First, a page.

The Big Issue : Edition 517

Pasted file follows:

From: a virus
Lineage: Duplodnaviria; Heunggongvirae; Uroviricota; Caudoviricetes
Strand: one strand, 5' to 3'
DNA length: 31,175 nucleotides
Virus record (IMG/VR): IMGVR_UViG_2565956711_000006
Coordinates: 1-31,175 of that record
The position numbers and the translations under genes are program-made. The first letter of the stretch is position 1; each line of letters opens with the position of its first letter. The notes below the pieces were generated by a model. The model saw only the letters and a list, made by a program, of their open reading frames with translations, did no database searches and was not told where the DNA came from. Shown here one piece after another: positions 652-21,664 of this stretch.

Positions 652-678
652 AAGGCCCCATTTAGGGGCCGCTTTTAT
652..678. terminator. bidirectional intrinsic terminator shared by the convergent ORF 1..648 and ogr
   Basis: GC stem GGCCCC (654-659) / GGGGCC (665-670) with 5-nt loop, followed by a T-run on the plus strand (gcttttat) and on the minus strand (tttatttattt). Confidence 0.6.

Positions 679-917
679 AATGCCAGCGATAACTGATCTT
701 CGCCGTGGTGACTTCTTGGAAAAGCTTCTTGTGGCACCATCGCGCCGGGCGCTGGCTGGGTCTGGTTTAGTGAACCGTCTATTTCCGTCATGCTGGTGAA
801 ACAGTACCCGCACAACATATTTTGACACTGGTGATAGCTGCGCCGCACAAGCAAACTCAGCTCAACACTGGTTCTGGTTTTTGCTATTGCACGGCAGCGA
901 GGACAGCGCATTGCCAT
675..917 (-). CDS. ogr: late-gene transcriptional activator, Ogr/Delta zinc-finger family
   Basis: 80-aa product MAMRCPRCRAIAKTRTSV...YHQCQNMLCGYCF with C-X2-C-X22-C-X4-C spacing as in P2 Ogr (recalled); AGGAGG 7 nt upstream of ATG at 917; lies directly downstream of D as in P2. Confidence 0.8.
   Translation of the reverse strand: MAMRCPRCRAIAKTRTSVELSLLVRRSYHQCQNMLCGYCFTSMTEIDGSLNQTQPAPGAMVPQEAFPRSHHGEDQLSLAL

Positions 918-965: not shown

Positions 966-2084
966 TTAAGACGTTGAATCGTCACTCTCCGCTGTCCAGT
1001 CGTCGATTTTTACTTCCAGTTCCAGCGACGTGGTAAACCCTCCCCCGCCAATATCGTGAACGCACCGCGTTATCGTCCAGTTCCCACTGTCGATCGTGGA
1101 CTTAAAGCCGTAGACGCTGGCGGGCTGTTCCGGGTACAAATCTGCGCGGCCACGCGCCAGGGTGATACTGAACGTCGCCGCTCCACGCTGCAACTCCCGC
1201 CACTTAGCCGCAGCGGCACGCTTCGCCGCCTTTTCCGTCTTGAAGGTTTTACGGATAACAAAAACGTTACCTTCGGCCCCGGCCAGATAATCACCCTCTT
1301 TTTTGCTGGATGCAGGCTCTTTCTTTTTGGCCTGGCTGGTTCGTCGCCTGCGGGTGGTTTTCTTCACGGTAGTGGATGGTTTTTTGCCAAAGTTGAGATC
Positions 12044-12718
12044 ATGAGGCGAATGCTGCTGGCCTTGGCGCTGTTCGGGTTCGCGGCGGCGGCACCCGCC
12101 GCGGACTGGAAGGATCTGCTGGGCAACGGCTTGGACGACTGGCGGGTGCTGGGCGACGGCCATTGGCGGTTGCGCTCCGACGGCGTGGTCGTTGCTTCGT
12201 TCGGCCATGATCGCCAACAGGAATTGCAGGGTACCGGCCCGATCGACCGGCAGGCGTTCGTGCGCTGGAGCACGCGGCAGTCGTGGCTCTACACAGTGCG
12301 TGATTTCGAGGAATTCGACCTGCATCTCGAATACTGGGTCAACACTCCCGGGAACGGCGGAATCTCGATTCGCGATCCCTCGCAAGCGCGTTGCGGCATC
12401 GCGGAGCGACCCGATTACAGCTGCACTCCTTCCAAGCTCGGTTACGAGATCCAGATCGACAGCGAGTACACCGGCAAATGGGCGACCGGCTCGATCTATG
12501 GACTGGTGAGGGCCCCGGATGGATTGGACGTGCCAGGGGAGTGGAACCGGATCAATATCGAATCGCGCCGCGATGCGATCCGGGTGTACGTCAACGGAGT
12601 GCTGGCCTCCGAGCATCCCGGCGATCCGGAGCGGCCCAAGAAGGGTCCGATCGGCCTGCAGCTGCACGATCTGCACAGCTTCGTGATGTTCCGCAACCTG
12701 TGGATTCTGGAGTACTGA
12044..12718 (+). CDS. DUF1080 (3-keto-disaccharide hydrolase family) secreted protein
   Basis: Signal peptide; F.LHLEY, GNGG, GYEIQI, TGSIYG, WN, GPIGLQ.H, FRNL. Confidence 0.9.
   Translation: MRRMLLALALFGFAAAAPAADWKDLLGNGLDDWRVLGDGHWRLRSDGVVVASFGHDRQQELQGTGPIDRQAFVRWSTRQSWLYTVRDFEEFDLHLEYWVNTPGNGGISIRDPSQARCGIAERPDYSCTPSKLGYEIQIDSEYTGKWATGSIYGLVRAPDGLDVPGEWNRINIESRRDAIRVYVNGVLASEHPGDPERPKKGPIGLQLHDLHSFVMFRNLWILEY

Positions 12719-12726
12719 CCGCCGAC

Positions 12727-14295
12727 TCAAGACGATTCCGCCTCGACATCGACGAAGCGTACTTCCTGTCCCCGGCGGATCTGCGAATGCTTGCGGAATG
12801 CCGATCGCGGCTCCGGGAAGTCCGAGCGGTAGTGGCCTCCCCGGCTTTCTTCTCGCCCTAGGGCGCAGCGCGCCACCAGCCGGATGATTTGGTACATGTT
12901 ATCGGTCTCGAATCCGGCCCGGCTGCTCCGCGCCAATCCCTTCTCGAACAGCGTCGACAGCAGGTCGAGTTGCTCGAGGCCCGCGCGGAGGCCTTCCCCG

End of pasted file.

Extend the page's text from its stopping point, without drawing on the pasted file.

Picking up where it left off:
34 THE BIG ISSUE 29 JULY – 11 AUG 2016 WHEN ALICIA VIKANDER appeared on Australian screens two years ago in local indie film Son of a Gun, few audiences had heard of the Swedish- born, London-based actor. That film – a prison breakout story with poor box- office receipts – consigned Vikander to the role of love interest in a cast dominated by men. Less than two years later, she’s unlikely to be relegated to a bit part anytime soon. An impressive run of 2015 performances launched her to the Hollywood A-list, thanks to lead roles in the likes of World War I drama Testament of Youth and as an enigmatic android in cerebral sci-fi Ex Machina. The year culminated in a suite of accolades for her performance as Gerda Wegener in The Danish Girl, including an Academy Award for Best Actress in a Supporting Role. You might think that winning an Oscar would warrant a celebratory break, but Vikander hasn’t stopped since. “Since then I haven’t even been home in London. I’ve just been on the road. I haven’t really been out in the world!” She doesn’t look like someone who’s spent half a year away from home; Vikander is fresh and sunny despite the sombre weather. She’s back in Australia to promote her role as Matt Damon’s antagonist/ally in Jason Bourne, the fifth instalment of the spy franchise and her first 2016 film (of many). “Selling a film is so different to making them,” Vikander observes. “Actually being on set I find quite – I wouldn’t say ‘relaxing’, because it’s long hours and big work – but...I love that thing of being on set and having a few weeks embracing the work, something you believe in, with other people.” Workaholics thrive in this industry, which might explain why Vikander is so effective as CIA agent Heather Lee, finding nuance in what could have been a cliche. “Paul [Greengrass, the director] told me that what every character in the Bourne movies has in common is they’re all very lonely. “You almost can’t imagine them going back home from work and having a real life. They are just totally embraced in their world mission,” she says, mirroring – perhaps unconsciously – her earlier description of her life on set, “embracing the work”. Vikander is excited to discuss her character, her sentences rushing over one another. Maybe this is just because it’s the beginning of the junkets, but it seems genuine: an unabashed love of her vocation that goes some way towards explaining the density of her filmography. Her recent success has afforded her opportunities off set, too. After being named the new face of Louis Vuitton, this year Vikander has launched her own production company, Vikarious Productions. Their first project, Euphoria, stars Vikander alongside Eva Green and Charlotte Rampling, with Swedish director Lisa Langseth (who directed Vikander’s first film role in 2009’s Pure) behind the camera. “The heart of it is the two female leads – which is very rare, if it’s not a comedy. It’s actually going to be the first time I’m going to share that much screen time with another actress, or two other actresses.” The strong female presence is a corrective to Vikander’s recent career, which has been something of a sausage fest; in an interview last year she noted that she’d gone five films in a row without acting alongside another woman. That trend continues with Jason Bourne, where, in the tradition of the prior films, her role as the rare woman in the upper echelons of the CIA seems to go hand-in-hand with sympathy for Matt Damon’s rogue super-spy. Jason Bourne concludes with Vikander’s character front and centre, ready for the possibility of a prominent role in the sixth Bourne instalment. That, and her casting as Lara Croft in the upcoming Tomb Raider reboot (another role she’s inherited from Angelina Jolie, a former face of Louis Vuitton), suggests a path towards more commercial cinema: which, in 2016, means franchises. Vikander is upbeat about the prospect. “When you make a film you almost never shoot in sequence,” she says. “You’ve done the prep work, but it’s about doing scenes spread out across the entire story... Maybe halfway in...you know the character. But it takes time. So I would love to be able to go back and revisit a character I really enjoyed playing.” All of which suggests that, like her Bourne character Heather Lee, Alicia Vikander isn’t likely to be slowing down anytime soon. You get the impression she wouldn’t have it any other way. by Dave Crewe » Jason Bourne is out now. IN TWO YEARS ALICIA VIKANDER HAS GONE FROM BIT PART TO CENTRE STAGE. AND HER LATEST ROLE IN JASON BOURNE IS JUST THE TIP OF THE ICEBERG. BOURNE O LEAD T HEATHER LEE AND JASON BOURNE: ANTAGONISTS AND ALLIES.